Libya Tribune

By Sami Hamdi

Despite historically taking a non-interventionist stance, Algeria’s recent efforts to seize the reigns politically in the Libya conflict suggest its foreign policy strategy may be changing.

Despite a flurry of activity following Turkey’s announcement that it would intervene in Libya, which culminated in the much-anticipated January 19 Berlin Conference on Libya, not much has happened since.

The reason for the lull in diplomatic activity is Algeria’s intent to seize the reins politically in guiding Libya out of its current quagmire.

Even with much lobbying from their Turkish counterparts, Algeria has stubbornly denied providing logistical assistance to Turkey. Various statements from all levels of government have insisted that Algeria rejects all foreign interference in Libya, including Turkey’s.

Moreover, Algeria sought out the African Union as part of a wider diplomatic initiative to engage its fellow Africans in bringing Libya out of the European concern into the African realm, where there are fewer personal interests at stake.

Algeria believes that much of Libya’s current instability stems from increasingly competitive European nations jostling for rights to Libya’s resources.

Algeria believes that much of Libya’s current instability stems from increasingly competitive European nations jostling for rights to Libya’s resources.

While Italy believes it should have priority in its old colonial stomping ground, France believes that it deserves to be compensated (and somewhat rewarded) for bringing about the NATO intervention that ousted Muammar Gaddafi.

To this effect, Algeria invited the foreign ministers of Libya’s neighboring countries Chad, Mali, Sudan, Egypt, Tunisia, and Niger in February to discuss the Libya crisis.

The significance of the invitation lies in the fact that each of these countries is directly affected (or involved) in the conflict, but most have been ignored in peace initiatives hosted by European countries.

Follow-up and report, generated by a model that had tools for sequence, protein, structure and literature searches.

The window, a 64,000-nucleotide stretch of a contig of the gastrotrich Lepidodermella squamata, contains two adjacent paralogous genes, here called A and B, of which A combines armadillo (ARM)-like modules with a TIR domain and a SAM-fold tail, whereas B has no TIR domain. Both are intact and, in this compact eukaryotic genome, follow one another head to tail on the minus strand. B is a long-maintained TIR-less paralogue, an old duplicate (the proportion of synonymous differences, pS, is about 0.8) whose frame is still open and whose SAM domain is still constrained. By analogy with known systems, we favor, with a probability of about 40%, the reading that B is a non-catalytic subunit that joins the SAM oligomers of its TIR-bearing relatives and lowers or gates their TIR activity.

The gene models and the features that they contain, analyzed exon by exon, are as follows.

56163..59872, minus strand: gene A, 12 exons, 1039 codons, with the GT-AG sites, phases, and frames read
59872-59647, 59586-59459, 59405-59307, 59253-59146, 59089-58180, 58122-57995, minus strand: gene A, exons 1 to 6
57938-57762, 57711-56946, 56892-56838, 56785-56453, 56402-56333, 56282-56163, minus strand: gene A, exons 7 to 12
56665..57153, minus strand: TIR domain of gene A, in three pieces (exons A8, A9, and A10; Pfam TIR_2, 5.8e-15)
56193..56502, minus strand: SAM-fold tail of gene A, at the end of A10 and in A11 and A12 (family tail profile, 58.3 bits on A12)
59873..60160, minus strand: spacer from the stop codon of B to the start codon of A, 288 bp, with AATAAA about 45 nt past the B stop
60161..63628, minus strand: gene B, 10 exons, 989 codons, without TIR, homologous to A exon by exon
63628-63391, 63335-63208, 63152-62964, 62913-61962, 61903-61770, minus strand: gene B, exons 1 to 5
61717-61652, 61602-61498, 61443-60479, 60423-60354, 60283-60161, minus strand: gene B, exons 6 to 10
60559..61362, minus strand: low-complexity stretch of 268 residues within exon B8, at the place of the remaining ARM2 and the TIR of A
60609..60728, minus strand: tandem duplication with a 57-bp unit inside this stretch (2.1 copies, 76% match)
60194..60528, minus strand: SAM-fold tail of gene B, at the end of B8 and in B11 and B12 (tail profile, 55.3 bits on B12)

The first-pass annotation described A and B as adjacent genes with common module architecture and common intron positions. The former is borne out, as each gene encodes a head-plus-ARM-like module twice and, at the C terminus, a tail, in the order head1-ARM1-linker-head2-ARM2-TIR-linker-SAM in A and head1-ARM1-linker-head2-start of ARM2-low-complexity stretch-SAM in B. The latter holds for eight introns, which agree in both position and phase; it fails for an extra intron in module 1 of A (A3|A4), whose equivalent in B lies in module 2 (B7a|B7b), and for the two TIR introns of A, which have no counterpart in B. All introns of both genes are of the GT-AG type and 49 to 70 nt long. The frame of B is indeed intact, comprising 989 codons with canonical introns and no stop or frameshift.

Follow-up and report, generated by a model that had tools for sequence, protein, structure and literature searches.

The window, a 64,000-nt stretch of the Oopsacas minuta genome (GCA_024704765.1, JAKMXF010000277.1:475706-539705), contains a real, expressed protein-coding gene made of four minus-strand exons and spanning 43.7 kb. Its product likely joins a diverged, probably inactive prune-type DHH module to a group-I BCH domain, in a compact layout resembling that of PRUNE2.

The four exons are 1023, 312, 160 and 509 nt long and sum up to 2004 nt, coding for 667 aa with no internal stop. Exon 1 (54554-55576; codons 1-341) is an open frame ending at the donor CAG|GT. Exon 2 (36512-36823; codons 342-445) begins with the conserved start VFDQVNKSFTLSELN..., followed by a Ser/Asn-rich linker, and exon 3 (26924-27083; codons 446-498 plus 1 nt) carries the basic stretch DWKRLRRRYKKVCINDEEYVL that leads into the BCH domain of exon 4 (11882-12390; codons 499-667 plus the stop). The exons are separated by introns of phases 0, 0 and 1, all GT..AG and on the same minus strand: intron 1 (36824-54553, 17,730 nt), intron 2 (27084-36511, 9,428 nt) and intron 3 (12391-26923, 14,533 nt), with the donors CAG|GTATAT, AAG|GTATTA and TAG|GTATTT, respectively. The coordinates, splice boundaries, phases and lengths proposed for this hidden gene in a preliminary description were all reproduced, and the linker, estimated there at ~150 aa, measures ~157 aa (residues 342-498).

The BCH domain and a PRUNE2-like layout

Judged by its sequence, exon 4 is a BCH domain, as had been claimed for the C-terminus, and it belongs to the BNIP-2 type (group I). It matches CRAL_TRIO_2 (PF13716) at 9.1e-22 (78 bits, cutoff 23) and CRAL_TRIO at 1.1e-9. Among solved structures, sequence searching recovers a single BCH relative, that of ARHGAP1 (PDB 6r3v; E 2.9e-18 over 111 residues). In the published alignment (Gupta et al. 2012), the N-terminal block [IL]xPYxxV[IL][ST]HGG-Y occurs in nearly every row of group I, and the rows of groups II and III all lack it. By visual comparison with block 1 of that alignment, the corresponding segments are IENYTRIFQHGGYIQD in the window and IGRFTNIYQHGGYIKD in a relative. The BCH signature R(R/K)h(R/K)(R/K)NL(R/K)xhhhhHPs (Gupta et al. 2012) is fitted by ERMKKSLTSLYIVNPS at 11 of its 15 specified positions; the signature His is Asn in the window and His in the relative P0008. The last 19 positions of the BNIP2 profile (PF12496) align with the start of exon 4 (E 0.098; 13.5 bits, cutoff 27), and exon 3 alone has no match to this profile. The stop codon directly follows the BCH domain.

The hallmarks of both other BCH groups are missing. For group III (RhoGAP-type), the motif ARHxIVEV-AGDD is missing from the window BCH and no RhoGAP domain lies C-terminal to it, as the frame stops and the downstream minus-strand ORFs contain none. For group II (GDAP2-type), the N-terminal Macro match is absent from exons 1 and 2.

However, while it is clear that Algeria is pushing for a more united African front and a greater role for the African Union in Libya, the effectiveness of such measures remains questionable.

This is not because the African Union lacks the capabilities or influence to bring about serious negotiations over the future of Libya. Rather, it is in the fact that each of these African nations involved in Libya are not entirely sure what political solution best suits the stability of the region.

The root of this dilemma is in the UAE’s involvement in the country and Libyan warlord Haftar’s intentions. Put simply, Algeria is deeply suspicious of the UAE objectives in the region, which have included interference in elections in Tunisia, deepening ties with rival Morocco, and the exacerbation of tensions across North Africa as a result of Abu Dhabi’s wider war against the Muslim Brotherhood.

In other words, Algeria fears that after Libya, Algeria may well be next. Algeria has no particular affinity for Libyan Prime Minister Fayez al-Sarraj.

This has been reflected throughout the conflict as Algeria has preferred to avoid providing the necessary backing for Sarraj to effectively push back Haftar in line with its notorious non-interventionist foreign policy.

Nevertheless, Algeria is unsure what solution would bring an end to the conflict and contain UAE expansion and meddling.

Haftar himself is aware of Algeria’s sensitivities. Before his offensive in Tripoli on April 4, 2019, Haftar halted for weeks while monitoring the escalating domestic situation in Algeria, as protests spread across the country against a fifth term for President Abdelaziz Bouteflika in what became known as the Hirak movement.

Only when Algeria became paralyzed by the internal chaos and political infighting that saw the heads of intelligence and security change at least twice, did Haftar launch his full-scale assault in Tripoli.